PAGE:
Making our way up I-95 through the grinding Thanksgiving Day traffic, we are soothed by a familiar voice on the radio, ruminating about Swedish meatballs and Jansson’s Temptation. After two days of turkey in New Jersey, it was time for something different. We couldn’t think of anywhere else but Marcus Samuelsson’s newest restaurant in Newark.
Despite its location just minutes away by train from Manhattan and boasting one of America’s busiest international airports, Newark struggles with its reputation and the city is determined to shed its negative connotations, from the years of political corruption it suffered to alarmingly high crime and poverty levels.
If Samuelsson’s bright new bistro is anything to go by, exciting times are on the way for the Garden State’s most populous community.
Marcus B&P opened in mid-November in the heart of Newark’s downtown, on a beautiful street lined with old brick buildings, in a once-bustling department store that had sat vacant for decades. The restaurant is surprisingly small and cozy. I can’t decide if the white and blue checkered napkins are supposed to look Southern or Swedish. It doesn’t matter. It feels chic and homely at once. My husband and I, and our two friends are quickly at ease.
Then there is the feeling of coolness that comes with the first sip of the bar’s cucumber dill vermouth, prepared ahead of time in a pressurized canister. The drink is mixed with gin and lemon tincture, garnished with a squiggly cucumber on a stick, making The Gateway the standout of the cocktail menu. Two New Jersey microbrews nicely round out the beer selection.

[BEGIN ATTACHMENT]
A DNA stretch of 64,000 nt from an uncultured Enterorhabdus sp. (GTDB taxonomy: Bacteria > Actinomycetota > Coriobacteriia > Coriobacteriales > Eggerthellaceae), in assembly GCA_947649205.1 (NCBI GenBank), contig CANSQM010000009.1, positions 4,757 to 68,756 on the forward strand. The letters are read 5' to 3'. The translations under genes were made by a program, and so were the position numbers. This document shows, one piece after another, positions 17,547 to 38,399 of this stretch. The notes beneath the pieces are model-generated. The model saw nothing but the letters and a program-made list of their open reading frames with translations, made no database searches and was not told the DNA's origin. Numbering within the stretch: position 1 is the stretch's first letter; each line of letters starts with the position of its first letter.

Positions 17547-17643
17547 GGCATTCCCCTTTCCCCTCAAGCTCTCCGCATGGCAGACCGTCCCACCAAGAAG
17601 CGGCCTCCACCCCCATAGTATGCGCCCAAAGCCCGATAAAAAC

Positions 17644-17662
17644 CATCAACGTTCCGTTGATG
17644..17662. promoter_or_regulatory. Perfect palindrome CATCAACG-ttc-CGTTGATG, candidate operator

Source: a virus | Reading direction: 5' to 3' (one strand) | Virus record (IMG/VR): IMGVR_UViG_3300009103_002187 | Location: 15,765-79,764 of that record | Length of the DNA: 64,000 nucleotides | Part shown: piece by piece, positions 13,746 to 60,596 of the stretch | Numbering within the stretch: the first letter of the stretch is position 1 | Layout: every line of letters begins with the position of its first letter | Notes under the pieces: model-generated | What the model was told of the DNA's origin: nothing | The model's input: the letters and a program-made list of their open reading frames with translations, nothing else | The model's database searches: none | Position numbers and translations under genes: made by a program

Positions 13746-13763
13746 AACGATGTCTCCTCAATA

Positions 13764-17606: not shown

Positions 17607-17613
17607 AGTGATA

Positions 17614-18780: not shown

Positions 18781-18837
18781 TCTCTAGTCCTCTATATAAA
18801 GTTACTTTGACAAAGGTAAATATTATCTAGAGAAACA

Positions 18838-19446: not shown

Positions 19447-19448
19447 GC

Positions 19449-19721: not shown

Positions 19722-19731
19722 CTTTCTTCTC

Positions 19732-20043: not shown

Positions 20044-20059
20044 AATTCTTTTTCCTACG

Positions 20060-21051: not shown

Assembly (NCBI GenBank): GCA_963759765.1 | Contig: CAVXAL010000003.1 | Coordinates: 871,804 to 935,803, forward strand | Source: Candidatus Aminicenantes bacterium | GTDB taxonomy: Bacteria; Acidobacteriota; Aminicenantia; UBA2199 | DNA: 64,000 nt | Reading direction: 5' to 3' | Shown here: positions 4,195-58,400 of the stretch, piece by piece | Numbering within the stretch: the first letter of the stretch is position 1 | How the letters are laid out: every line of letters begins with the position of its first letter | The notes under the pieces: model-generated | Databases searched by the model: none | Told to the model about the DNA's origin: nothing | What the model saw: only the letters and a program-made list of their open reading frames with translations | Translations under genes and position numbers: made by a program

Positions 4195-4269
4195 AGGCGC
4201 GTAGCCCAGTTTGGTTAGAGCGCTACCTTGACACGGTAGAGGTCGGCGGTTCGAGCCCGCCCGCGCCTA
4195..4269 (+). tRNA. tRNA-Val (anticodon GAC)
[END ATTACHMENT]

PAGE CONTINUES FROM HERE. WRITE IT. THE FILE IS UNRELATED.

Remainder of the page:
BP, or back pocket, is a play on words derived from the literal translation of the Swedish “bak-ficka”. A fancy restaurant’s “back pocket” means walk-ins aren’t sneered at. Au contraire, they’re welcomed. Think Daniel Boulod’s DGBG.
Conceptually, the cuisine is a jumbled amalgamation. Offerings include passable chicken and waffles, a delightfully subtle fluke crudo and everything from steak frites to shrimp and grits. If there is a unifying thread, it’s perhaps the wonderfully simple category of “good food” – dishes that aim to please, made with the best ingredients.
The cornbread came perfectly moist, with ample butter and honey. The glorious, giant Tomahawk steak was beautifully presented and cut straight from the bone. Doughnuts and ice cream formed a fine finish.
The wine list lacked some magic and might have benefited from some more adventurous pairings. Still, at $27 a carafe, the Malbec offered decent value.
Marcus B&P strives to be a lynchpin in Newark’s gamut of new offerings. It employs chefs and staff from the area, and the enthusiastic staff speaks proudly about the larger social mission of their restaurant. One bartender even jokes: “We’re supposed to save Newark.”
Early days are notorious for nervousness, and there was plenty during our visit. The hosts seemed intent on giving us minute-to-minute updates on the status of our table. Our appetizers didn’t arrive until after the steak. Minor complaints: Their palpable excitement over being a part of something new and exciting for their city was infectious.
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